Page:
READER ROADMAP -  2010 TIPPING POINTS aid to positioning COMMENTARY

 

 

 

1

         

SOVEREIGN DEBT PIIGS

EU BANKING CRISIS
BOND BUBBLE

STATE & LOCAL GOVERNMENT

CENTRAL & EASTERN EUROPE
BANKING CRISIS II
RISK REVERSAL

COMMERCIAL REAL ESTATE

CREDIT CONTRACTION II

RESIDENTIAL REAL ESTATE - PHASE II
EXPIRATION FINANCIAL CRISIS PROGRAM
US FISCAL IMBALANCES
PENSION CRISIS
CHINA BUBBLE

TODAY'S TIPPING POINTS UPDATE

Last Update: 08/05/2010 06:32 PM

RED ALERT

AMBER ALERT

ACTIVITY

MONITOR

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POSTS:  THURSDAY 08-05-10

 

 

GEO-POLITICAL TENSIONS - ISRAEL / KOREA / IRAN

 

IRAN

 

ISRAEL

Israel Vows To Retaliate Against Monday's Attack, Blames Hamas  ZH

 

Clash On Israel-Lebanon Border Holds Potential For Strategic Escalation  ZH

 

KOREA 

 

SOVEREIGN DEBT & CREDIT CRISIS

 

 

GREECE

 

SPAIN / PORTUGAL

 

FRANCE

 

GERMANY

 

ITALY

 

UK

UK car sales slump in July   FT

Economic uncertainty clouds industry prospects

 

JAPAN

 

CHINA

Business Cycle Monitor: Asia leads the global slowdown Danske

China Shows How To Do A Stress Test- Tells Banks To Imagine 60% Property Collapse  BI

 

USA

 

 

EU BANKING CRISIS

 

3 Month Euribor Touches 0.9% For First Time In 2010  ZH

 

Barclays rises 44% to £3.95bn in first half  FT

Investment banking revenues fall 38% in second quarter

 

 

BOND BUBBLE

 

Here's How The US Government Is REALLY Financing Its Monster Spending Spree  BI

A new report from The Treasury Department goes into depth on how much the government is borrowing, the price the government is paying for capital, and who, exactly, is doing the buying.

 

 

 

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Candy From Strangers, Or Who Is Buyng All Those Treasuries  ZH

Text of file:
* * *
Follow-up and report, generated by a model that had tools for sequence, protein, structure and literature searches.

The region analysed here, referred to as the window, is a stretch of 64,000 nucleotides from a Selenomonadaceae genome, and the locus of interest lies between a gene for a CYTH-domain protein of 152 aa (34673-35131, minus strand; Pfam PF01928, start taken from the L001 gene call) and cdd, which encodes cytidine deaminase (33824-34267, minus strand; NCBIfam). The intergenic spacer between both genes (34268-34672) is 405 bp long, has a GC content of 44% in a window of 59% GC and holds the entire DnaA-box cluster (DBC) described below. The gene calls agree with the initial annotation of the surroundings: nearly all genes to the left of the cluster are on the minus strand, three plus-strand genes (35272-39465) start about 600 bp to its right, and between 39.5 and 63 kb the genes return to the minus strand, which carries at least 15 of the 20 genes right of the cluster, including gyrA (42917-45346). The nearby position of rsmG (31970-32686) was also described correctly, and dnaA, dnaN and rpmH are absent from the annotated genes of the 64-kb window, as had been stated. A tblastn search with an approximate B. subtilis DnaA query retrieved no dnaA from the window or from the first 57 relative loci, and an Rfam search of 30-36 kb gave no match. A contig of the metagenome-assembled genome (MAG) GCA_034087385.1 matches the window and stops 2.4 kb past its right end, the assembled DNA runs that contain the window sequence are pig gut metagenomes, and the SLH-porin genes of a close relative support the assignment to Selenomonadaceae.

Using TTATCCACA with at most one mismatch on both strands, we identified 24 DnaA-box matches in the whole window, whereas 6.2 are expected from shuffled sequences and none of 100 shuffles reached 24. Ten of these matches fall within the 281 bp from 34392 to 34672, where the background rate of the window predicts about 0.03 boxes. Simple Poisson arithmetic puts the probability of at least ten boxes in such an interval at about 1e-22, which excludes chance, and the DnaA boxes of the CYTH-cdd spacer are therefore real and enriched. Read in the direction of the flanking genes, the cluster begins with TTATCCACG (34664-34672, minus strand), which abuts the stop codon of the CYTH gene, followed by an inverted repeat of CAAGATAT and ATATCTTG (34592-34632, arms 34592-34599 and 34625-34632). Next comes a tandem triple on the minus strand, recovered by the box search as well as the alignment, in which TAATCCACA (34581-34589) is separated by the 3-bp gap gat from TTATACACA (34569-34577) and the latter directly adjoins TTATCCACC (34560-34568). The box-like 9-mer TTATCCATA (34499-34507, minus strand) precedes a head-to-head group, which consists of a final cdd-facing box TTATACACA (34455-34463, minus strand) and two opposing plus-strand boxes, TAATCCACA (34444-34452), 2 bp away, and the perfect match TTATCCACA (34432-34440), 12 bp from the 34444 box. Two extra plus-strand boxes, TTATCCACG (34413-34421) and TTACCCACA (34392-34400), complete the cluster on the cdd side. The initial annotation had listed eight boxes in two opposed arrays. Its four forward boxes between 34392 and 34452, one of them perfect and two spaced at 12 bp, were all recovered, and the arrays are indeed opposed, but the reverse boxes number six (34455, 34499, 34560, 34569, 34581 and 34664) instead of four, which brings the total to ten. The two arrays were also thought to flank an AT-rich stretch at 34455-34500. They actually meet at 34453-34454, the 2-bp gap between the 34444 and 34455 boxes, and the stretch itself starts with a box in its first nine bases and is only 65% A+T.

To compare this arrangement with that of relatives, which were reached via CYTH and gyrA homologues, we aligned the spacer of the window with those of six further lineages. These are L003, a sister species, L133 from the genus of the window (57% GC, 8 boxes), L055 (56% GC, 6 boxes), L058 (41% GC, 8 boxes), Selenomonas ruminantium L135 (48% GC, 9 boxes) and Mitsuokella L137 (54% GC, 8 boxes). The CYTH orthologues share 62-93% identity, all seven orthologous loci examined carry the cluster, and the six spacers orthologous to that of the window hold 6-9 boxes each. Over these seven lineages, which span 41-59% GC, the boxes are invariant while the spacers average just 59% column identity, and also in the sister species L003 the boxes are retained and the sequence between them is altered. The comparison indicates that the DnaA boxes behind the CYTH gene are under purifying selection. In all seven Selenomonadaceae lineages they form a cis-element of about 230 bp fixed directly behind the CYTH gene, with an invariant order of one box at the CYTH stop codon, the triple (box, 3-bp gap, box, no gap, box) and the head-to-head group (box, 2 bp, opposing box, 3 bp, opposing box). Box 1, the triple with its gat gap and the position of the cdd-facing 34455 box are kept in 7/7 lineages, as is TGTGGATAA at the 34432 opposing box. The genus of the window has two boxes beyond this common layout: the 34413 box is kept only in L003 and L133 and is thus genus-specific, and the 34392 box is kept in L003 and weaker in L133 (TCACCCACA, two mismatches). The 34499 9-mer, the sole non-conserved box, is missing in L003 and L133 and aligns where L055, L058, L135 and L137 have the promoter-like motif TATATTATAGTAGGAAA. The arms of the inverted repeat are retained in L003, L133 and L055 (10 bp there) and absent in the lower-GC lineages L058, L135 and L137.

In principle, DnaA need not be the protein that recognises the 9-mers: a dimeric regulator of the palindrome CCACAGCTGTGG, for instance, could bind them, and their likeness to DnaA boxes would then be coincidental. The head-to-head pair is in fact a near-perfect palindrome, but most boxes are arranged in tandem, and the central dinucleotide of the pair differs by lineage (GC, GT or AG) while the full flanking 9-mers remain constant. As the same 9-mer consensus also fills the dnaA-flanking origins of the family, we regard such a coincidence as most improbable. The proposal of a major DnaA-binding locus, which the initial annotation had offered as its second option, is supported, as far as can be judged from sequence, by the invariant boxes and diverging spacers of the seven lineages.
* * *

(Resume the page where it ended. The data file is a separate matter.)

Submitted by Marc McHugh from Across the Street

Candy from Strangers

When TrimTabs Charles Biderman questioned the source of the money that propelled stocks 65% from the March 2009 lows, he got beaten with the idiot stick so badly that he actually turned bullish in April 2010.  Lost in the ensuing choke-out was the fact that no one ever actually answered his question, unless scoffing and muttering “dark pools and stuff,” under your breath counts (and he’s the one who should be wearing the tin-foil hat?).  Here we go again. 

The first thing you should notice when looking at The Treasury’s 2010 Q1 Bulletin is that it’s  incomplete, as I’m sure most of Secretary Tim Geithner’s homework assignments were.  Of the 12 columns on Table OFS-2 (Estimated Ownership of U.S. Treasury Securities), Turbo managed to fill in only 5 (FYI: it takes Treasury more than two months to prepare the bulletin).

From the data actually present, we can determine that Treasury issued 461.7 Billion in new debt Q1.  That’s not surprising, we’ve been running at the $500 per person per month clip for almost two years now.  What is surprising is that the Fed  &  Intragovernment holdings went down $17B.  Foreigners, God bless ‘em, scooped up an additional $192.5 B, while  US saving bond  holdings were basically flat (-$1.1 B).

Um, we’re out of data now, but not debt.  287.4 Billion  (62%) of  Q1′s public debt is not accounted for on the report.   Fortunately when discussing who could digest that much debt in three months, we can quickly eliminate 6 of the 7 “not available” data points (depository institutions, pension funds, mutual funds, insurance companies, and State & local governments).  The only logical conclusion is at least a quarter trillion  in debt was purchased by “Other Investors” in Q1.

Aren’t you glad we cleared that up?

What’s that?  “Who the hell are Other Investors,” you say?  Good question.  It does seem rather nebulous, especially considering that they are now clearly our best customer(s).   Not very bright though.  They stepped in and bought like crazy as interest rates went to record lows.  Still I think we should send a basket of fruit and a nice thank you note, because without them we would surely have had a failed auction (read Keynesian apocalypse).